4. I suspect “exclusivists” (to use the problematic terminology) consider someone with opinion X or action Y to be already cut off, and by remaining “in” on the books, they’re bringing down the average, as it were, leavening the loaf in a bad way. They should follow through with the logical implication of opinion x/action y and leave, would go the thinking. I suspect this gets into problems of identity, Mormon-in-name-only kinds of things.

  5. I wholeheartedly agree with Eve’s piercing rhetoric: “If it’s God’s one true church, why would you ever tell anyone to leave?” In fact, it is precisely because at some level every member of the church does believe, or at one time did believe, that the LDS Church is the one true church of God that the scope and scale of our missionary commitment even makes sense. If church doctrine were, on the contrary, ‘exclusively pluralistic’ (pardon the pun), then a church program or policy of proselyting with any degree of structure more complicated than an open invitation to fellowship would be nothing more than simply chauvinism.

    In some ways, wouldn’t that be nice?

    In truth, the church and its members are far better off with a ‘pluralistic inclusivism’ (again, pardon the pun) with regard to fellowship, even if it must be coupled with an exclusivist set of tenants and objectives. I personally see it as an indispensible aspect to the concept of eternal increase to ‘leave no man [or woman] behind’ and the most beautiful consequence of the sealing ordinances, that God has promised you to me if I am true and faithful; that is, you are not irretrievably lost.

    But what happens when we agree that “the proposal that you seek out another faith tradition (or even start your own) [is] much more palatable when it comes from those with pluralist sentiments,” and then refocus upon the aggregate of each individual orthodox belief belonging to our canon and tradition, rather than allowing our focus to be on the church as a whole? It’s one thing to believe in exclusivist manner that the LDS Church is God’s one true church, but quite another to proclaim in exclusivist manner that there is no error in the church whatsoever, or that “when the Prophet speaks, the thinking has been done,” or that nothing can occur contrary to the will of God; ergo, whatever happens is in fact God’s will.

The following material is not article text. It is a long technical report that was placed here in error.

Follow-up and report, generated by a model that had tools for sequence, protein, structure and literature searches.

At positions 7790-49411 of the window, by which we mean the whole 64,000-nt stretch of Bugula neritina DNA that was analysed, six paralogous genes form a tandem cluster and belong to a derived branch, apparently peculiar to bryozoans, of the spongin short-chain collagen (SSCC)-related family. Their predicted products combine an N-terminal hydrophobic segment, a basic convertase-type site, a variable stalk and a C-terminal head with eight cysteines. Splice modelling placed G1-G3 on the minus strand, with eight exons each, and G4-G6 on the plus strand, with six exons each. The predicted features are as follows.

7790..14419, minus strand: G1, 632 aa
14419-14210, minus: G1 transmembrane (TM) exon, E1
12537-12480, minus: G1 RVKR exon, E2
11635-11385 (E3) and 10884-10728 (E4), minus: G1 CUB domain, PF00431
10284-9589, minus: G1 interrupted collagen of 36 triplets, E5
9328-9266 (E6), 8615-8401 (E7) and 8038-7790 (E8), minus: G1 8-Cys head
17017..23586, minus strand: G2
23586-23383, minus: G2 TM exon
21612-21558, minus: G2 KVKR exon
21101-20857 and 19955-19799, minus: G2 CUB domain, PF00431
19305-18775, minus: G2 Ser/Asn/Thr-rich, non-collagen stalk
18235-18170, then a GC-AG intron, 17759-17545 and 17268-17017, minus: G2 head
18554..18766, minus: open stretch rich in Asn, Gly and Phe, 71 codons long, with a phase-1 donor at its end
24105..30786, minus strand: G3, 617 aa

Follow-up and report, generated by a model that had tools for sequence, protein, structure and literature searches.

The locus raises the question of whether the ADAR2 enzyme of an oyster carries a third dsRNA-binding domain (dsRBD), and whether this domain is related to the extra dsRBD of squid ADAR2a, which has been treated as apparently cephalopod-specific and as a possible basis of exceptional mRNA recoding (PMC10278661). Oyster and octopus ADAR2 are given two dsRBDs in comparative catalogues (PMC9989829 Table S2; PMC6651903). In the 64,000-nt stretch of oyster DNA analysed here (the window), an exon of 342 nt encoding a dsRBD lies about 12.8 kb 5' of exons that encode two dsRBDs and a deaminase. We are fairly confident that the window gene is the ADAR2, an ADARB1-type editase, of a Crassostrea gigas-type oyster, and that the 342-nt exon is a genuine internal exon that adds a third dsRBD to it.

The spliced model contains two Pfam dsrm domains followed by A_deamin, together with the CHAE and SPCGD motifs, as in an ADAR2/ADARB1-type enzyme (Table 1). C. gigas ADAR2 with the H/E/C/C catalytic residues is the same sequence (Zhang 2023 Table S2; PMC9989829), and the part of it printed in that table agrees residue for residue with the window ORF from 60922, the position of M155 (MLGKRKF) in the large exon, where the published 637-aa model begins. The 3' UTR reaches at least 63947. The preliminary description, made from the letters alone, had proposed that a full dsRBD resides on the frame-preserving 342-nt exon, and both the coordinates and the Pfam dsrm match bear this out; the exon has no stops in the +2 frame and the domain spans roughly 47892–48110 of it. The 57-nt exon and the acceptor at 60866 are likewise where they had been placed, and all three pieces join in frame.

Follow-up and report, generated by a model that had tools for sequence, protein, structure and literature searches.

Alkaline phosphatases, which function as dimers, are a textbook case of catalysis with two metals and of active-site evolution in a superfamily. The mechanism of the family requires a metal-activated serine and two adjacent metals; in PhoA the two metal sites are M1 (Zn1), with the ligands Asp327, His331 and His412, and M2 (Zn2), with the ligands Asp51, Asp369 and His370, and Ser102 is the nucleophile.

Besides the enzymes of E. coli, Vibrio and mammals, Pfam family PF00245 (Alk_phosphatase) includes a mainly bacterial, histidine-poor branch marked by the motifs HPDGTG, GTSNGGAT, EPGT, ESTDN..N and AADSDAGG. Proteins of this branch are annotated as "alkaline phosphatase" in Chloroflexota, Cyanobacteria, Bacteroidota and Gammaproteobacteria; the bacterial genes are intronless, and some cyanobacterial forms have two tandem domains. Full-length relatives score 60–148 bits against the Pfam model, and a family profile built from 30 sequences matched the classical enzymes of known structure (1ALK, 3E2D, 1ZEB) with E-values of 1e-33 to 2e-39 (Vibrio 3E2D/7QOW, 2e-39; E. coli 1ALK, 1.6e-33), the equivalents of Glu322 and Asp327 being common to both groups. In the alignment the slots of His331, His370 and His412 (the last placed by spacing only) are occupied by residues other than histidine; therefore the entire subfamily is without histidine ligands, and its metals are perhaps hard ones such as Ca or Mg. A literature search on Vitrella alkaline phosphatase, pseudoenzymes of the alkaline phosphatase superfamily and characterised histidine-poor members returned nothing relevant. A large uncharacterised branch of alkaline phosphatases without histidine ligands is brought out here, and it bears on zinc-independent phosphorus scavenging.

Few there must be, thank God, who really hold such views. Consequently, even the more ardent advocates for the exclusivist truth claims of the church will at some point perceive some degree of cognitive dissonance resulting naturally from the uncomfortable interface between experience and faith. And behold, here we have one of the many purposes of life.

    In essence, my point is that all who believe in God, be they Mormon or not, are to some degree or another, if not inclusive, then pluralistic when it comes to matters of faith because no one of sound mind and moderate maturity truly believes everything told to them by someone else. Even for Mormons with testimonies of the exclusivist truth claims of the church, many abound who feel that Brigham Young got it wrong with the priesthood ban, or with musings about Adam as God. Others may feel that Joseph Smith got it wrong with plural marriage (or was it Wilford Woodruff who got that one wrong?) Still others feel that the Church Correlation Department repeatedly gets it wrong so often on everything from modesty to lesson manuals to the General Handbook of Instructions, that to attempt to undertake a comprehensive catalog of the damage done is so daunting and depressing a task that to save time a blanket condemnation of that entire enterprise is both appropriate and appreciated.

    So if most of us are pluralistic in the minutia of Mormondom, even if exclusivist in the gestalt, then to me, to accept “the proposal that you seek out another faith tradition (or even start your own) [is] much more palatable when it comes from those with pluralist sentiments,” is to tread on thin ice.

    Would that were the only danger.

    Moreover, it seems to me that the pluralistic outlook most members of the church have toward their least favorite teachings or cultural memes within the church often reaches a critical mass all on its own. The consequence is often a voluntary disassociation from the fellowship of those they leave here behind in the church. It is not so much that we tell them, “If you don’t like it, then leave it,” but rather leaving become the path that for them has heart. The church can be the only true church for all and still foster an abusive interpersonal dynamic for some. I would never tell anyone to leave the church … and here’s the key … for MY comfort. But can I imagine wishing someone well who felt that happiness beckoned to them from without? I can.

  6. This is such a great post. I’m really struggling with this particular issue lately because my mom actually screamed this exact line at me this summer, and it was such a shock. Sigh.

  7. People who say “if you don’t like it then leave” clearly don’t something but have chosen to say this instead of leaving.

    So if they don’t take their own advice, why should you?